Nassau police detectives are turning in their gold shields and returning to patrol because there is little financial incentive for them to continue working long hours under high-stress conditions, police and union officials testified Tuesday.
Seven detectives returned their shields in the past year and another request is pending from a detective to drop back to police officer status, Nassau Detectives Association President John Wighaus told the county legislature’s public safety committee at a hearing into the county’s growing detective shortage.
Nassau has 309 detectives, short of the 360 budgeted, Wighaus said.
He predicted retirements over the next few months would reduce the number of detectives to fewer than 300 — as detectives deal with 2,400 identified gang members; investigate 1,700 persons reported missing every year; battle illegal opioids; and probe financial fraud cases against the elderly that have increased by 47 percent this year.
By comparison, 20 years ago the county had 460 police detectives, and a decade ago there were 425, said Wighaus.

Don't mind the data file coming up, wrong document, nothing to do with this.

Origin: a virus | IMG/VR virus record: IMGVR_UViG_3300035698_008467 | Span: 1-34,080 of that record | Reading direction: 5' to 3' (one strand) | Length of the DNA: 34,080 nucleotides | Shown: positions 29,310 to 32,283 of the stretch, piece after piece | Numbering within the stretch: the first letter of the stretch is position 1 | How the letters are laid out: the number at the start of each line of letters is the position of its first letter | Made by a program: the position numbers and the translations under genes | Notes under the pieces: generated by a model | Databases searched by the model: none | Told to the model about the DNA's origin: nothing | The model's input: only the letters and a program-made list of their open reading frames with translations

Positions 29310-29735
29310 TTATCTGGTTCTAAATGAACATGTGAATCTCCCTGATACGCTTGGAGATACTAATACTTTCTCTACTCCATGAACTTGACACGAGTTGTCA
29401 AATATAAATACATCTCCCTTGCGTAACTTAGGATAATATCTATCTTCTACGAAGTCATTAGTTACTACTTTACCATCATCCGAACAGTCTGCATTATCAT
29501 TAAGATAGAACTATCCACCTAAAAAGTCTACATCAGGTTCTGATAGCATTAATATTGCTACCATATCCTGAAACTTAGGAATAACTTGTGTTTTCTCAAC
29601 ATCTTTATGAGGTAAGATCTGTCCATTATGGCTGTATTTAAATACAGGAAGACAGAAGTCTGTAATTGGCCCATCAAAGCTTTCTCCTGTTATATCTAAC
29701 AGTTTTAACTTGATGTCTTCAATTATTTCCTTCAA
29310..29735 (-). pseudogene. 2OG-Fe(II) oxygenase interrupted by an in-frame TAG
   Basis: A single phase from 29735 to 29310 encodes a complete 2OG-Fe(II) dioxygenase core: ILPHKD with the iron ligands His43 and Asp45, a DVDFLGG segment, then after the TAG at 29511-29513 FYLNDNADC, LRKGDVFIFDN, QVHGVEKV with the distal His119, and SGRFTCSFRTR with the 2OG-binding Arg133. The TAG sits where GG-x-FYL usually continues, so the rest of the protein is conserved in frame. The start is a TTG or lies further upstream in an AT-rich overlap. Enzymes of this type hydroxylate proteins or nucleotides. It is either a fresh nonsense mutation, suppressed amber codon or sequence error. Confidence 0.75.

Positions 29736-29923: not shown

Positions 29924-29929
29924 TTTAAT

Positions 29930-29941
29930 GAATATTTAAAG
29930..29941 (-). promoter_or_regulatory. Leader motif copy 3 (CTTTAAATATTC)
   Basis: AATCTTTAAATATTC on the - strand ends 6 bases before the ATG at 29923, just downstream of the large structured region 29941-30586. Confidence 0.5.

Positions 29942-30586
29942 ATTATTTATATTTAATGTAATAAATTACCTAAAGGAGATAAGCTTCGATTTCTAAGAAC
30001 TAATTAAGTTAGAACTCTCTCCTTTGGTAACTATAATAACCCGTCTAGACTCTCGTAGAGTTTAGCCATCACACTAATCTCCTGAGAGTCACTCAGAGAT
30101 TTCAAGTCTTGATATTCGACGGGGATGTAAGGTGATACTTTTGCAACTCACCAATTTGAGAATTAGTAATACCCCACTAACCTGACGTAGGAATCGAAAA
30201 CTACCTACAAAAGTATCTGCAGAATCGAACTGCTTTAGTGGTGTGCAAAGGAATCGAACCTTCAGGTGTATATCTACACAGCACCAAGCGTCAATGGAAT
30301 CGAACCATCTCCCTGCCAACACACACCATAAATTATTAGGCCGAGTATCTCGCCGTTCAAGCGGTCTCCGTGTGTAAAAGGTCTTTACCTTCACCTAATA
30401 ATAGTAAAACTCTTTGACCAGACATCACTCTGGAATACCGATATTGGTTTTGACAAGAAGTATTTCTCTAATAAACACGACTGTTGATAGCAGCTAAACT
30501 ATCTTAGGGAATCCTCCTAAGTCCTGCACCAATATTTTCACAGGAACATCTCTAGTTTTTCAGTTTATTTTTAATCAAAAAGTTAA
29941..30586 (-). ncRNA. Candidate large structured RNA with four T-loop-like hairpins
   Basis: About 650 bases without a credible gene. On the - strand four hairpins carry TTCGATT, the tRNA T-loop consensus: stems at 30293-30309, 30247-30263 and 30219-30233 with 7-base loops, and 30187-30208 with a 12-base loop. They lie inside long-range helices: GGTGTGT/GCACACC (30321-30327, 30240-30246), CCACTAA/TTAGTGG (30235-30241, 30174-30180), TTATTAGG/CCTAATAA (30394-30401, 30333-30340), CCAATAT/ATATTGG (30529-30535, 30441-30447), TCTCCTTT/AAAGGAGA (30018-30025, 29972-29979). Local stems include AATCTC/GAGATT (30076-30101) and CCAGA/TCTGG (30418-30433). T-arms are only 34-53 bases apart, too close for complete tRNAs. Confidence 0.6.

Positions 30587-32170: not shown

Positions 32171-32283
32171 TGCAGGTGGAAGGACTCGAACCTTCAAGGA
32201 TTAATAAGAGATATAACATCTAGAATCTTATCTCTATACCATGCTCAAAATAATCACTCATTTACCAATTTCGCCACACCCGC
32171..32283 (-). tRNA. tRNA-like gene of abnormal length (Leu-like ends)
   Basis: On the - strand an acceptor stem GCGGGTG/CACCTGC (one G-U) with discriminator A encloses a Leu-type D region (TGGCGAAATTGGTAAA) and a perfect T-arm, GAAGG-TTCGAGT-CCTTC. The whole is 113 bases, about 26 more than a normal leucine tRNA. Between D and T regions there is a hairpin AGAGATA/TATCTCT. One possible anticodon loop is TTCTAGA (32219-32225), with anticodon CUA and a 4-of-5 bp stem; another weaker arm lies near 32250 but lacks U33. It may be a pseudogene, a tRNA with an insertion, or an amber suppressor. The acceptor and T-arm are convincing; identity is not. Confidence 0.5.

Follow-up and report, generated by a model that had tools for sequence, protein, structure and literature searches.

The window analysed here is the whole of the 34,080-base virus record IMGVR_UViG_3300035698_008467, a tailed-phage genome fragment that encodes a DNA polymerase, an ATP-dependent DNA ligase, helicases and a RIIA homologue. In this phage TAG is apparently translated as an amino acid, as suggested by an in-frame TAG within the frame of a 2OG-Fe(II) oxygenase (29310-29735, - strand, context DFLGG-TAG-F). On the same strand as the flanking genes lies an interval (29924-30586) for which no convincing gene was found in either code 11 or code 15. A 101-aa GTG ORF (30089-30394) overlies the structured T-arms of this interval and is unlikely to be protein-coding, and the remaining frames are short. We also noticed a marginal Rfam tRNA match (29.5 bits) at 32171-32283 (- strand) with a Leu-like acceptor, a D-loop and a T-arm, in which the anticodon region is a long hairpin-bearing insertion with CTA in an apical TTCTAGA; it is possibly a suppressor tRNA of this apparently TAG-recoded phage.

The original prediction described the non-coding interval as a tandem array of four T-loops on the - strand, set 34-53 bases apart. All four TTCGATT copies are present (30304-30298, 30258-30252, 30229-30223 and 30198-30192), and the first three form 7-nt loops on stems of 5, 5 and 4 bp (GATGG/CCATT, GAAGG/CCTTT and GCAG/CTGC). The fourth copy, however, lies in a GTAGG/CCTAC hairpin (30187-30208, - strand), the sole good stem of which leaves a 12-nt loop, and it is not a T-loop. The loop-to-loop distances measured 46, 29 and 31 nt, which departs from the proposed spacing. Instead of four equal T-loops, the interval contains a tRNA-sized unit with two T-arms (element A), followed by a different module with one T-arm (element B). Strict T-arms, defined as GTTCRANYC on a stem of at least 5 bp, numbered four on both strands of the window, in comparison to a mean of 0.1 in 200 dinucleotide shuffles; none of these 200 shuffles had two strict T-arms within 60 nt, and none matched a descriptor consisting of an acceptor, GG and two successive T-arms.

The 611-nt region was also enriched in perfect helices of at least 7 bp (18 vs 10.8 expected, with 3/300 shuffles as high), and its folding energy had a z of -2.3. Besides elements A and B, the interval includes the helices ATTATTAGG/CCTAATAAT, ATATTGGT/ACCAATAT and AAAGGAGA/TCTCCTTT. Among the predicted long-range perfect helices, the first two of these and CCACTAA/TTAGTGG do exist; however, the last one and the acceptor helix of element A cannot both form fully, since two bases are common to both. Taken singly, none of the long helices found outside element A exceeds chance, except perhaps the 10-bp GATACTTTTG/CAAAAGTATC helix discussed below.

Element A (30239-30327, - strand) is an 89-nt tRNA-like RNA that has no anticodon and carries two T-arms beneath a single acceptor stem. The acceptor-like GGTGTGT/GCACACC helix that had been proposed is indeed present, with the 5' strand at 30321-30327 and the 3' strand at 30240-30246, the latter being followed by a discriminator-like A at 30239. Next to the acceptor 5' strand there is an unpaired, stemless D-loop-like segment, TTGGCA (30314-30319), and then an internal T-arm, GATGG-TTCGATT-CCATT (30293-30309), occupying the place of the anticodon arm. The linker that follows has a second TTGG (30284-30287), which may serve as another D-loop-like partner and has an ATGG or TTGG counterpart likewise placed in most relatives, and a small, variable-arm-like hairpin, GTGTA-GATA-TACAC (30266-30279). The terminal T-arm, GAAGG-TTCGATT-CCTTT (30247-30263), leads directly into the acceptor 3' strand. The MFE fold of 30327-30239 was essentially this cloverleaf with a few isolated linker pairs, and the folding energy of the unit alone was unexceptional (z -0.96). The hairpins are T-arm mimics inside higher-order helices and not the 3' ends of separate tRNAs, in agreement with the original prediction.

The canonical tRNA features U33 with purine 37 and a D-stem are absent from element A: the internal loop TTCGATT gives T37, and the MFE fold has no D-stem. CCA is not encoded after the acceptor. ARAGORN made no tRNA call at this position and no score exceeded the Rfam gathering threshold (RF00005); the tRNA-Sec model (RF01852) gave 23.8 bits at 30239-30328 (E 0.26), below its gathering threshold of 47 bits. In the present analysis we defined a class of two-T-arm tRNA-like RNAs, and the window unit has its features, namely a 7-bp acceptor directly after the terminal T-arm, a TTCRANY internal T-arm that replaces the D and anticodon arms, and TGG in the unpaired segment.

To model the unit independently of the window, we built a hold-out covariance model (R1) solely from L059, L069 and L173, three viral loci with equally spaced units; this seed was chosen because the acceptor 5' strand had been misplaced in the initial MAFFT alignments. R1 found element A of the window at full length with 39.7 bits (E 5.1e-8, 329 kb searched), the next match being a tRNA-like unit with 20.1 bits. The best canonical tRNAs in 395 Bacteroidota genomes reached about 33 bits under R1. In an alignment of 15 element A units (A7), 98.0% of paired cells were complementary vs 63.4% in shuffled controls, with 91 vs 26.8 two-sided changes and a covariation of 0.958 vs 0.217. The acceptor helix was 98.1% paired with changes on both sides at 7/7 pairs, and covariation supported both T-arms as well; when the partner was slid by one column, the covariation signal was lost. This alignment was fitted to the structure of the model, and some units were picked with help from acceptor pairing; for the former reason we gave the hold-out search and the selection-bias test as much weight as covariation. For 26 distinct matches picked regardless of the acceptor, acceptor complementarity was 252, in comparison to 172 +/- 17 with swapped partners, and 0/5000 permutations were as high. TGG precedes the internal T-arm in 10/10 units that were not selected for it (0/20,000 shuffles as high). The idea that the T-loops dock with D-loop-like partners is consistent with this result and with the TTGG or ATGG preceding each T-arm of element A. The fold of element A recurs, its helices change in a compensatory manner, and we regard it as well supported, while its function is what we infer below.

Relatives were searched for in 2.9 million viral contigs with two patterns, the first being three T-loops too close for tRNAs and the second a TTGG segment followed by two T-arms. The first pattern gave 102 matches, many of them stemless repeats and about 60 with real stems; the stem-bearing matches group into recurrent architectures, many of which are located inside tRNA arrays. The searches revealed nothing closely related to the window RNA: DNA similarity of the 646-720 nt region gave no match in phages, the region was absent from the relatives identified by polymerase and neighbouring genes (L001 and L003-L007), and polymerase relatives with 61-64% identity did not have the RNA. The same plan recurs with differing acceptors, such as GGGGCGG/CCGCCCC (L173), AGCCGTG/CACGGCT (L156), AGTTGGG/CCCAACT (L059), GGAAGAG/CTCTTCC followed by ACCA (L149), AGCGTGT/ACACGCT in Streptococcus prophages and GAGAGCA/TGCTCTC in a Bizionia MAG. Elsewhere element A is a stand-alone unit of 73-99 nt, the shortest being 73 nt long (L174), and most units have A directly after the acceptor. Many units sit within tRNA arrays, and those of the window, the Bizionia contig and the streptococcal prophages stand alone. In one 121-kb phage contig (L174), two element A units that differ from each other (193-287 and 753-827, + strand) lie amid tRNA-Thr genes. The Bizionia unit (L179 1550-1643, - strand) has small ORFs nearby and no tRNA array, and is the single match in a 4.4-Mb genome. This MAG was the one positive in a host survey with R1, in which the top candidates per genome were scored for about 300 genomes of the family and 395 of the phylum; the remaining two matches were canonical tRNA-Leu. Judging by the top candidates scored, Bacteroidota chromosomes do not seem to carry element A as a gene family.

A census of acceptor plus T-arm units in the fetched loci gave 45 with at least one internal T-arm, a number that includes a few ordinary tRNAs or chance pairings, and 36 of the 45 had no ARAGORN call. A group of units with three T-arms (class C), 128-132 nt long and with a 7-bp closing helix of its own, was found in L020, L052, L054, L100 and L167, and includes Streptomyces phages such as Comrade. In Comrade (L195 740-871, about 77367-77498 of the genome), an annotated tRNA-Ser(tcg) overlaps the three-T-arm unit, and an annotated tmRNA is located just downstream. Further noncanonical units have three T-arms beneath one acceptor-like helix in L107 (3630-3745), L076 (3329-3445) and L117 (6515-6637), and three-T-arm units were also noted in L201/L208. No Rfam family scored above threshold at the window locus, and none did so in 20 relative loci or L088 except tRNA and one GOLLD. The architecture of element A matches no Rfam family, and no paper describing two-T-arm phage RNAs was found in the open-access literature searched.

He cited a growing lack of interest among police officers in becoming detectives.
“A designation once thought of as a pinnacle of a police career is now a pariah to most officers in Nassau County,” Wighaus said.
He said a common refrain is, “it’s just not worth it. Being a detective is so much responsibility. It is a 24-hour-a day job and there’s no financial incentive to take on this additional work and stress.”
Said police Commissioner Patrick Ryder, “You take on more responsibility, more work and we’re going to give you less money.”
Wighaus and Ryder said past union contracts resulted in pay steps that essentially drop detective earnings below police officer salaries for a period of years.
Wighaus said newly designated detectives must remain in the Police Benevolent Association’s negotiated salary step plan until they’ve completed it, and then go through a separate detective step plan.
A 2016 memorandum of agreement says detectives will get no salary step increases until they’ve completed the 75-month detective step program.
“It doesn’t make any sense, to go through steps for five years to get back to where I was,” Ryder said.
Neither Wighaus nor Ryder gave salary figures. But a report this year by the legislature’s office of budget review showed average detective earnings in 2018, including overtime, were $153,705, compared with $187,503 in 2013.
The administration of County Executive Laura Curran has said detective pay will be addressed in contract negotiations that are underway. All county union contracts expired at the end of 2017.
Ryder said he could approve more overtime to help alleviate the detective shortage, but said most detectives already are overworked.
“Paying overtime doesn’t give you better service. When your staffing level is down, you’ve got to deal with what you’ve got … You’re pulling from the same pool,” he said.